Kelly Krumrie’s figuring
Figuring is a monthly column that puzzles over (to figure) and gives shape to (a figure) writing, art, and environments that integrate or concern mathematics and the sciences. This month’s column ponders water, power, possession, and human space.
Kelly Krumrie’s figuring
Figuring is a monthly column that puzzles over (to figure) and gives shape to (a figure) writing, art, and environments that integrate or concern mathematics and the sciences.
The documentary Before the Flood (Yan Mo) (2005), directed by Li Yifan and and Yan Yu (not the climate documentary with same English title starring Leonardo DiCaprio), records an incomprehensible period in the destruction of the city of Fengjie before it’s flooded by the Yangtze River as part of the construction of the Three Gorges Dam. The city was over one thousand years old, one of China’s most densely populated, and it sat between the river and low, green mountains. The film begins and ends during the process of relocating all 100,000+ residents while physically demolishing the city itself. Old stone passageways, city gates, busy streets, people leaning over balconies, honking trucks, crowds, offices, people in polo shirts with clipboards—all in a state of half-destruction, buildings torn open, hand carts overflowing with furniture. In an observational, fly-on-the-wall style, for about two and a half hours, the film follows citizens trying to negotiate their relocation, the square footage of their new residences (if they’re getting one), what to bring and what to leave, how much money they can get for salvaging parts of their homes and businesses. Someone discusses the price of a railing along a staircase in an alley while another yanks it free. Little information is given except for the names of a few figures to whom the film returns, such as members of a church who argue over their accounting and the owner of a hostel and his residents. Many of the people still living in the city or in the process of leaving are exceedingly confused about where to go and when, and who will pay for it. Meanwhile, the filmmakers pan out to the river, the landscape, and, over and over, buildings collapsing by detonation and being taken apart by hand.
It’s the latter that’s stuck with me since I watched the film: men with sledgehammers taking down a building piece by piece: chunks of concrete and tangles of salvaged wire. That and piles of belongings teetering down the street. That and elderly members of the community who cannot fathom leaving it, nor do they have anywhere to go, leaning against homes that have been scheduled to be demolished impossibly soon (the next day?). They drag home buckets of water because the city’s shut it off, and the electricity. It’s confusing and frustrating to watch. I watched it over two nights, and during both sittings, I kept looking things up, pausing to get more information, which I know is what I shouldn’t have done. My confusion from a place of total removal, something I thought I could remedy with fact. The logistical nightmare of timelines, housing lotteries, payouts, eligibility… Why did they have to demolish the buildings before the flood? Why not leave them up? To reuse as much as possible, to carry it down the wide, misty river.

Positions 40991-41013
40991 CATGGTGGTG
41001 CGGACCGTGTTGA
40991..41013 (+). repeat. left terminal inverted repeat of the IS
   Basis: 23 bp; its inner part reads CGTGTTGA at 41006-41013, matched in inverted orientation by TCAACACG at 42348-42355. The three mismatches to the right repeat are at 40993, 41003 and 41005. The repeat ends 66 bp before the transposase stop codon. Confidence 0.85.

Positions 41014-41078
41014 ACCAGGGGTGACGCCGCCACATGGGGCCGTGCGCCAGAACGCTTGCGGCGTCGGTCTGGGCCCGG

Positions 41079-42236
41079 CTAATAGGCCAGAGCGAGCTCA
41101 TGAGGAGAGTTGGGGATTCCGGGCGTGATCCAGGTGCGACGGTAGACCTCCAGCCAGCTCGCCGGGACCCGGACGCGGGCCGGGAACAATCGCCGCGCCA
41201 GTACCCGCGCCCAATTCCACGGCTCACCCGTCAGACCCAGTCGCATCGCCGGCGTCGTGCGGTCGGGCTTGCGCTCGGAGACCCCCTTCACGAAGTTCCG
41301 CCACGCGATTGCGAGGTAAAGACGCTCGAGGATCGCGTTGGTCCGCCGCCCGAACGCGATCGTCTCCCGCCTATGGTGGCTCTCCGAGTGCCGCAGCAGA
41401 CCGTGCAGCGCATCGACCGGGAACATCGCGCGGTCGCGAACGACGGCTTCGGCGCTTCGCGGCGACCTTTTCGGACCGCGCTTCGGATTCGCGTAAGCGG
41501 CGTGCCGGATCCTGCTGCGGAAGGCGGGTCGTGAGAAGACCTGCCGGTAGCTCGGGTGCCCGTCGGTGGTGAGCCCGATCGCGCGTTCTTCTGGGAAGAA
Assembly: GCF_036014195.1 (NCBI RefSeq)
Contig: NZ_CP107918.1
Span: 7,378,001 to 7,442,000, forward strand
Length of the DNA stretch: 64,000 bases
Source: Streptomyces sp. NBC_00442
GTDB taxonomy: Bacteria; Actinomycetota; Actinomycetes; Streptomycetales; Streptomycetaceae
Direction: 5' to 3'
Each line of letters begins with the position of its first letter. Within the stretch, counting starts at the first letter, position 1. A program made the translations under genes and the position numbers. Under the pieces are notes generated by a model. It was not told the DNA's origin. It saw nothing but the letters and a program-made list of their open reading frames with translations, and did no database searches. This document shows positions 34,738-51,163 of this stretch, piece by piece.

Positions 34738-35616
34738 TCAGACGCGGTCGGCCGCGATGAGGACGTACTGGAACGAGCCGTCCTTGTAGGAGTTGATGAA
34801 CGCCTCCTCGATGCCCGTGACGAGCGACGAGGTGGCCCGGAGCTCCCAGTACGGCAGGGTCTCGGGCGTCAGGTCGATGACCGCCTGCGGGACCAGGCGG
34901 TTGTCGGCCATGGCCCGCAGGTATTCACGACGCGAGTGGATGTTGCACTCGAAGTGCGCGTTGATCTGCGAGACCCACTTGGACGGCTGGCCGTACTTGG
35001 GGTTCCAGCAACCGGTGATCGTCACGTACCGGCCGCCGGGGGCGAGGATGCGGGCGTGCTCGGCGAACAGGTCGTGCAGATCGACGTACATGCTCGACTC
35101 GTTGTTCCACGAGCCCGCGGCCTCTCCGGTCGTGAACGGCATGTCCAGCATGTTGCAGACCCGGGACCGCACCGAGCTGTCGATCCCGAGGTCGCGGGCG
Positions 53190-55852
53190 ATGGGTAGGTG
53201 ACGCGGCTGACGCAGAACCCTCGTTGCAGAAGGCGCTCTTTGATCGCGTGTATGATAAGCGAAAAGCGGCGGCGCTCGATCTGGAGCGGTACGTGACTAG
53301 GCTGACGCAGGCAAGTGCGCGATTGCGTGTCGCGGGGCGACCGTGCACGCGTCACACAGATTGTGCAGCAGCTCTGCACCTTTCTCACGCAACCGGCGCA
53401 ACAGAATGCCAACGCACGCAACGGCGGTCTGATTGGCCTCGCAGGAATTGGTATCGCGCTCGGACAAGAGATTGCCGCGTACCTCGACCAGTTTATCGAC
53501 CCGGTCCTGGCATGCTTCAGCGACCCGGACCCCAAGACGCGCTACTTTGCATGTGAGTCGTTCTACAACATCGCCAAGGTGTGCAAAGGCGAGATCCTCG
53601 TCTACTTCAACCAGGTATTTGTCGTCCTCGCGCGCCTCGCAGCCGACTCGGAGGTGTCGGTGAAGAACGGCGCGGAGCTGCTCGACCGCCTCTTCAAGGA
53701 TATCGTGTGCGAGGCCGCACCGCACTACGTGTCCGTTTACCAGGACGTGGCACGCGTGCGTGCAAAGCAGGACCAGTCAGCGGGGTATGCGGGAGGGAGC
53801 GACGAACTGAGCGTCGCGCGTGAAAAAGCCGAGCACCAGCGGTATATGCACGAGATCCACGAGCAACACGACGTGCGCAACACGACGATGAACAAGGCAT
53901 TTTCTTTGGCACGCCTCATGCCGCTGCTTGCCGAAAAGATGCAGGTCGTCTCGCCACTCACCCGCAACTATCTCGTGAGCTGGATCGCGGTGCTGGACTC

At one point, the hostel owner scrambles down a steep hill in New Fengjie, where many are relocating, toward the flat space between two concrete pillars that make up part of a massive bridge to see if he could rebuild his hostel in that unclaimed space. What we never see is what I was obsessed with seeing as I watched, part of what kept me leaning toward my laptop screen: the actual flooding of the city, the completion of the demolition, everyone out. When the film ends, much of the city is still standing, many people still live there. I couldn’t help but try to imagine it submerged, and I find that fantasy awful. The Three Gorges Dam—which we never see in the film—now generates more power than any other power plant in the world.
A few weeks later, I read Marie Redonnet’s 1986 novel Forever Valley translated by Jordan Stump. The sixteen-year-old narrator lives with an aging priest in a rectory and soon begins working at the dancehall next door. Her job is to dance with and entertain men who come up to Forever Valley from a lower valley—the landscape mountainous beyond—and then sleep with them. This work earns her money which she hands over to the priest. The narrator is illiterate and owns nothing other than the dress and shoes the dancehall owner gives her. But during the week, she works on a “personal project”: she digs a series of rectangular pits around the ruined church “to look for the dead.” She finds only mud and rock. Digging pits and finding nothing in a valley above a valley. In the end, a dam is built, an aquifer is tapped, and Forever Valley is flooded to generate electricity for the citizens of the valley below, where the narrator is forced to relocate. Her dress is ruined, she has no money, and the pits she’s dug—the pits that had nothing in them—are flooded along with the rectory, church, dancehall, and landscape. At the novel’s close, she visits the new reservoir:
I don’t know how I felt when I saw that the hamlet was no longer there. I saw an expanse of water where it used to be. They say it is very deep. I threw in the patent leather high-heeled shoe left over from the dancehall. I can’t do anything with one shoe. It sank right away. It must be deep. The water has a dark color because of the mountains reflected in it. Everything gets mixed up inside my head when I look at the water in the reservoir and tell myself that down on the bottom there is the hamlet… I spend hours looking at the water. No matter how much I look, I can never see the bottom. All I see is the mountains reflected in the water, and the path leading up to the pass.